Born with a killer instinct

Understanding an invasive predator to better predict its impacts on the ecosystem

Mayflies are native to Ireland, in some parts where a species of amphipod crustacean, nicknamed Gamma (because its real name, Gammarus pulex, is clearly too long), has recently earned the reputation of a ruthless invader. Scientists know that adult Gamma feed on the young of mayflies, nymphs. But do young Gamma also feed on nymphs? If they do, it might be bad news for the mayflies, a ‘double whammy’, as the authors of this study put it.

Jaimie Dick and colleagues from Queen’s University, Ireland, collected small, medium and large (young, juvenile and adult) Gamma and examined gut content. Much to their surprise the scientists found that all Gammas ate mayfly nymphs, providing no time for the latter’s growth and development. The largest Gamma ate the smallest nymph even. Another ominous fact, Gamma can occur in great densities, up to 3000 per square metre, when compared to declining numbers of the mayfly.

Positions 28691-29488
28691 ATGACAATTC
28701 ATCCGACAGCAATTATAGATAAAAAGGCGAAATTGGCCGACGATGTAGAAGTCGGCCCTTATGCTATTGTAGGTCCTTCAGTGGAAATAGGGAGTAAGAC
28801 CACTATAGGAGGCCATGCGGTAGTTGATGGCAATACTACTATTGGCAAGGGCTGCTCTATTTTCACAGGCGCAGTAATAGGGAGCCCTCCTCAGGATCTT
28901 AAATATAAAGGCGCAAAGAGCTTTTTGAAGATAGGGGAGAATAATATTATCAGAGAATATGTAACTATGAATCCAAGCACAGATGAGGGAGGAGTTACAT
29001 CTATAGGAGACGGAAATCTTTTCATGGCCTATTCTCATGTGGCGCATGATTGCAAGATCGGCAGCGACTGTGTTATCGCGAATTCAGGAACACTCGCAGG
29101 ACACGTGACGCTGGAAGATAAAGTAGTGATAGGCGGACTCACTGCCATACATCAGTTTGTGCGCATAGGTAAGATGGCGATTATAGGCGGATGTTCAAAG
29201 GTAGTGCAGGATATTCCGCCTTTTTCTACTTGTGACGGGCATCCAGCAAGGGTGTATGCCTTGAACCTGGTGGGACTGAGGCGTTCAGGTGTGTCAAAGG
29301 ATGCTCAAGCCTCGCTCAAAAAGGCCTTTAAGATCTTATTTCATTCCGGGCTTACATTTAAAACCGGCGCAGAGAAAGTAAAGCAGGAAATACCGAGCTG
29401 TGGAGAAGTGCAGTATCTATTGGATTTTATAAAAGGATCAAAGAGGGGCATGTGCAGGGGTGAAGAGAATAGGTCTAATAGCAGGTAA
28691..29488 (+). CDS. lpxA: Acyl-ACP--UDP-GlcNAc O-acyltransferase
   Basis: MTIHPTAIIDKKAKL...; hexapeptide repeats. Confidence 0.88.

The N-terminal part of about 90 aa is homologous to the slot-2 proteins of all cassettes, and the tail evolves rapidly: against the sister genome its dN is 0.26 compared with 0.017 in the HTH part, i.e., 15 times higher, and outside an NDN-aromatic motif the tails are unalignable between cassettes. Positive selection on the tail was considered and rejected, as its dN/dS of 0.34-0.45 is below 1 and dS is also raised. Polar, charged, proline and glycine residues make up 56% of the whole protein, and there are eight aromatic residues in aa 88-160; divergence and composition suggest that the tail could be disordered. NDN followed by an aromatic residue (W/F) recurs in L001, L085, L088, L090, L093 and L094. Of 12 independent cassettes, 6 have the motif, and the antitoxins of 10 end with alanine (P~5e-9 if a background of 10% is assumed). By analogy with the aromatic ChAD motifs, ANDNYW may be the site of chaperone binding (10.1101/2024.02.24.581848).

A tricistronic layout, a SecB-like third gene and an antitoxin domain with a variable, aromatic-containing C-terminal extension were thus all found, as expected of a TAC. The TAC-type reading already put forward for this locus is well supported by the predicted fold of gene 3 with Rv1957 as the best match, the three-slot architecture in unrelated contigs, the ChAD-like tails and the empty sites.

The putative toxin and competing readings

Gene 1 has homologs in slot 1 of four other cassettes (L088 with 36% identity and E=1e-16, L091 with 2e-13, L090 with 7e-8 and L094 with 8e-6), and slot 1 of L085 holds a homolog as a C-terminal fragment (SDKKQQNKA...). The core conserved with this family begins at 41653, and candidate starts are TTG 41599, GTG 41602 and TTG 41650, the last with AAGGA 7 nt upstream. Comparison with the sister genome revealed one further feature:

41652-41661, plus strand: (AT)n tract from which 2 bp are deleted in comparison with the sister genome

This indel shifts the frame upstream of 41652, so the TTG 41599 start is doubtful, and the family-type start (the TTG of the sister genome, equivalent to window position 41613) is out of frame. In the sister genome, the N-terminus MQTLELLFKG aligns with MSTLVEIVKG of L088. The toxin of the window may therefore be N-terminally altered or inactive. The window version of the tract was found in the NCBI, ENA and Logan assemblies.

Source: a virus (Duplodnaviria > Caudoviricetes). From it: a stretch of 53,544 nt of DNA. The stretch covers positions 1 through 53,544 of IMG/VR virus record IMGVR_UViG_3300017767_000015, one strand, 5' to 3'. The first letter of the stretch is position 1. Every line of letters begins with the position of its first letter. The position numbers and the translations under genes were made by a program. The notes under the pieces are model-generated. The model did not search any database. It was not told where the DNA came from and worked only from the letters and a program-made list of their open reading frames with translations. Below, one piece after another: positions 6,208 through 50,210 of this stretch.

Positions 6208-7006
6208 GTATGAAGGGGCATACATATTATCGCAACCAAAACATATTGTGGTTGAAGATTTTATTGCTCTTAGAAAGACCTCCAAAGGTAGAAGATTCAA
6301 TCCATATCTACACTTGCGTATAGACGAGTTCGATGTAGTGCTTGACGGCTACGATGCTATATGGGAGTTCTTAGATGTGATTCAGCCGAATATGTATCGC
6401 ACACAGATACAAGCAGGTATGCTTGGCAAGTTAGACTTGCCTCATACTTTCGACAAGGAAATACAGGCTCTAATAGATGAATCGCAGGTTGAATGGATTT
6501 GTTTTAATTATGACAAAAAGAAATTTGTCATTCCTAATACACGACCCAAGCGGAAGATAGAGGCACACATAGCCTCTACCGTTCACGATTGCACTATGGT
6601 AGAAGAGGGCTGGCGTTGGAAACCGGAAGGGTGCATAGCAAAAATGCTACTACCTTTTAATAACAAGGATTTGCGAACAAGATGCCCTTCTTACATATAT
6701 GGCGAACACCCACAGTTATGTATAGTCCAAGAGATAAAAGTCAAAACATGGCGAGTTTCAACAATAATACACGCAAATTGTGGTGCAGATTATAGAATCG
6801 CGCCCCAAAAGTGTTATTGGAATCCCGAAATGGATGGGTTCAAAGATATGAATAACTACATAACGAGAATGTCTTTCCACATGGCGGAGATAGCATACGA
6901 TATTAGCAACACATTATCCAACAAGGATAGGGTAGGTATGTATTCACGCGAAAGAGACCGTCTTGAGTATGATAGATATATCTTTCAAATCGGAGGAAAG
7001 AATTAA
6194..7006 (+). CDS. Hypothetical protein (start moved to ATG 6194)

The effects of a predator, especially a non-native one, on the community of animals and plants it interacts with, have been long studied. However, it is usually restricted to adult predators. In order to understand and predict an impact before it occurs, one must know a predator’s behaviour throughout its lifetime. This study highlights the possibility of larger effects of a predator and calls for looking at other known potential invaders, from this angle too.

Mayflies or shadflies are aquatic insects that belong to the order Ephemeroptera (in Greek ephemeros means short-lived and pteron means wing). Adults have a very short lifespan ranging from few minutes to few days while the immature stage, called nymphs, can last upto a year in fresh water.

Further reading:

Dick, Jaimie; Alexander, M.E.; MacNeil, C. Natural Born Killers: an invasive amphipod is predatory throughout its life-history. / Biological Invasions, Vol. 15, 2013, p. 309-313.


This article is from issue


2012 Mar